The hydrographs of the event studied in this investigation for the two main rivers that correspond to the tributaries of the confluence are shown in Fig. 4. The return period of these hydrographs has been estimated as 50 years, and this was obtained from a continuous semi-distributed hydrological model built at the HEC-HMS, for the 1971–2010 period (Ríos, 2016). This case is selected since the peak flow at the outlet is expected to significantly exceed the capacity of the channelized section in the city.
The actual sediment concentration during flash floods in Andean watersheds is unknown in most cases. In addition to the lack of information in these rivers, landslides due to erosion produced by soil saturation in the steep slopes of the mountains are common. These conditions can considerably increase the sediment supply to the streams during flood events, with material that does not come from the channel but mostly from hillslope erosion. We study the dynamics of the flood for different scenarios by carrying out a series of simulations to compare and understand the flood hazards and effects of hyperconcentration on the two main streams of the Quebrada de Ramón watershed.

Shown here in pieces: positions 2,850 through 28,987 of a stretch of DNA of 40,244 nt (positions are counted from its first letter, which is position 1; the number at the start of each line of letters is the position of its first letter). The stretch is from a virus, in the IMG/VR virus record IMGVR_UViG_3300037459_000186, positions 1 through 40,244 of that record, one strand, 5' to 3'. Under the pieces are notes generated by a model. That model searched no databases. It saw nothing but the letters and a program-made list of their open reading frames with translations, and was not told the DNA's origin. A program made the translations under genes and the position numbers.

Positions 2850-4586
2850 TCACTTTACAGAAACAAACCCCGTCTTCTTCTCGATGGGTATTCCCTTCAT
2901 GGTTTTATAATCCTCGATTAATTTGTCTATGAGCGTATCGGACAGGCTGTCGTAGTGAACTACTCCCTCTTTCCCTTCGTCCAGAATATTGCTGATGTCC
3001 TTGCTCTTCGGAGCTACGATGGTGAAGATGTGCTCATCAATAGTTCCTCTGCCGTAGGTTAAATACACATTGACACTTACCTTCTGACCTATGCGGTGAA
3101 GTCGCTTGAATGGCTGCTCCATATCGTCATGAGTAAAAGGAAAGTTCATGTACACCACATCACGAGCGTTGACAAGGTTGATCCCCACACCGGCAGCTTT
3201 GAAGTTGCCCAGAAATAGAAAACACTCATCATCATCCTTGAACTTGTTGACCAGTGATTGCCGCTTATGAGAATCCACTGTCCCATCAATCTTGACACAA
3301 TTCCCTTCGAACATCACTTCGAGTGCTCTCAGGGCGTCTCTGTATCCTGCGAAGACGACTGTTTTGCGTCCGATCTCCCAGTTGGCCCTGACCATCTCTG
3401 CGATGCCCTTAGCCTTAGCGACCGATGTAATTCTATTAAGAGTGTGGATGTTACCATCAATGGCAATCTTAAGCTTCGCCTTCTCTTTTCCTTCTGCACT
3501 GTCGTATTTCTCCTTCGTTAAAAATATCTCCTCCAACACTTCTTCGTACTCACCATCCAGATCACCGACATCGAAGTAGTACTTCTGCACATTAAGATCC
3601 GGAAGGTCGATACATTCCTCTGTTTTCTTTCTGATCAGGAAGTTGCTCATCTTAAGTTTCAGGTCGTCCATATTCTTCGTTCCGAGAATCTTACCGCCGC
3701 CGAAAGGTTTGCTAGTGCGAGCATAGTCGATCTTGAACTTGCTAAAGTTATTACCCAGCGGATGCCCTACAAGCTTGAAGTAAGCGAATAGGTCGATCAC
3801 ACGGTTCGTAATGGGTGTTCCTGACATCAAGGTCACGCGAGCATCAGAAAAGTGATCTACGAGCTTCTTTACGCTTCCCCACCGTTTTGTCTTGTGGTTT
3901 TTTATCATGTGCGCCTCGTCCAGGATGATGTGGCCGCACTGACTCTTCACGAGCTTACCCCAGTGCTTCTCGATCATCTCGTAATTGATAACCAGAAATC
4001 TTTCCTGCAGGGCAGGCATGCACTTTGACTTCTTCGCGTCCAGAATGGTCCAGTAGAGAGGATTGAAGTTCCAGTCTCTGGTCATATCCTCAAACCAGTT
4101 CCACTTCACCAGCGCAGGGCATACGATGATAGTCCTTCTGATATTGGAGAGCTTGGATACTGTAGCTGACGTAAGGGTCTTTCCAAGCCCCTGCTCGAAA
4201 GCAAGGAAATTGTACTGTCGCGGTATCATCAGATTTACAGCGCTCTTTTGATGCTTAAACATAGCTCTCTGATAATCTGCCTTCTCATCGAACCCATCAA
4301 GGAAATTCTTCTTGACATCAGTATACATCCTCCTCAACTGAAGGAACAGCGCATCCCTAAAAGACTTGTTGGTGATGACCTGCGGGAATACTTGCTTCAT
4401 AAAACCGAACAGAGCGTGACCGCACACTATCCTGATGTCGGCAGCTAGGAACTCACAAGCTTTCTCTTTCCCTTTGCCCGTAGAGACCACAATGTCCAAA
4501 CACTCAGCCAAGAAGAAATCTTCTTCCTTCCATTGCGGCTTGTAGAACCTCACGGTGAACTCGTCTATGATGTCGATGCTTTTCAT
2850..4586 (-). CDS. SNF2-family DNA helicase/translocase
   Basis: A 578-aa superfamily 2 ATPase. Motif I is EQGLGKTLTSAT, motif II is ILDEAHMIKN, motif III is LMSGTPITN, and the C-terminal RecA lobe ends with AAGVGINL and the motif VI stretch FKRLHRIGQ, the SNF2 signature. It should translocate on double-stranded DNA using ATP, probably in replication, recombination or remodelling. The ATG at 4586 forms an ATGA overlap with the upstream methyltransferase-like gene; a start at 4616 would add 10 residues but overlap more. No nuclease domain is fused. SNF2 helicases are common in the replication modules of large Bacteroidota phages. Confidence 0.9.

We simulate four different scenarios considering different concentrations of 0 %, 20 %, 40 %, and 60 % equal in both streams. Two other cases are simulated, with concentrations of 20 % in the Quebrada de Ramón stream and 60 % in the Quillayes stream and vice versa.
The river bed is considered dry at the beginning of the simulation, to avoid the additional effects of different sediment concentrations of the initial flow.
We perform the simulations for a total physical time of 1 d, using a simulation time step defined by the Courant–Fiedrichs–Lewy (CFL) stability criterion, defined as
which in this case is set equal to CFL=0.9.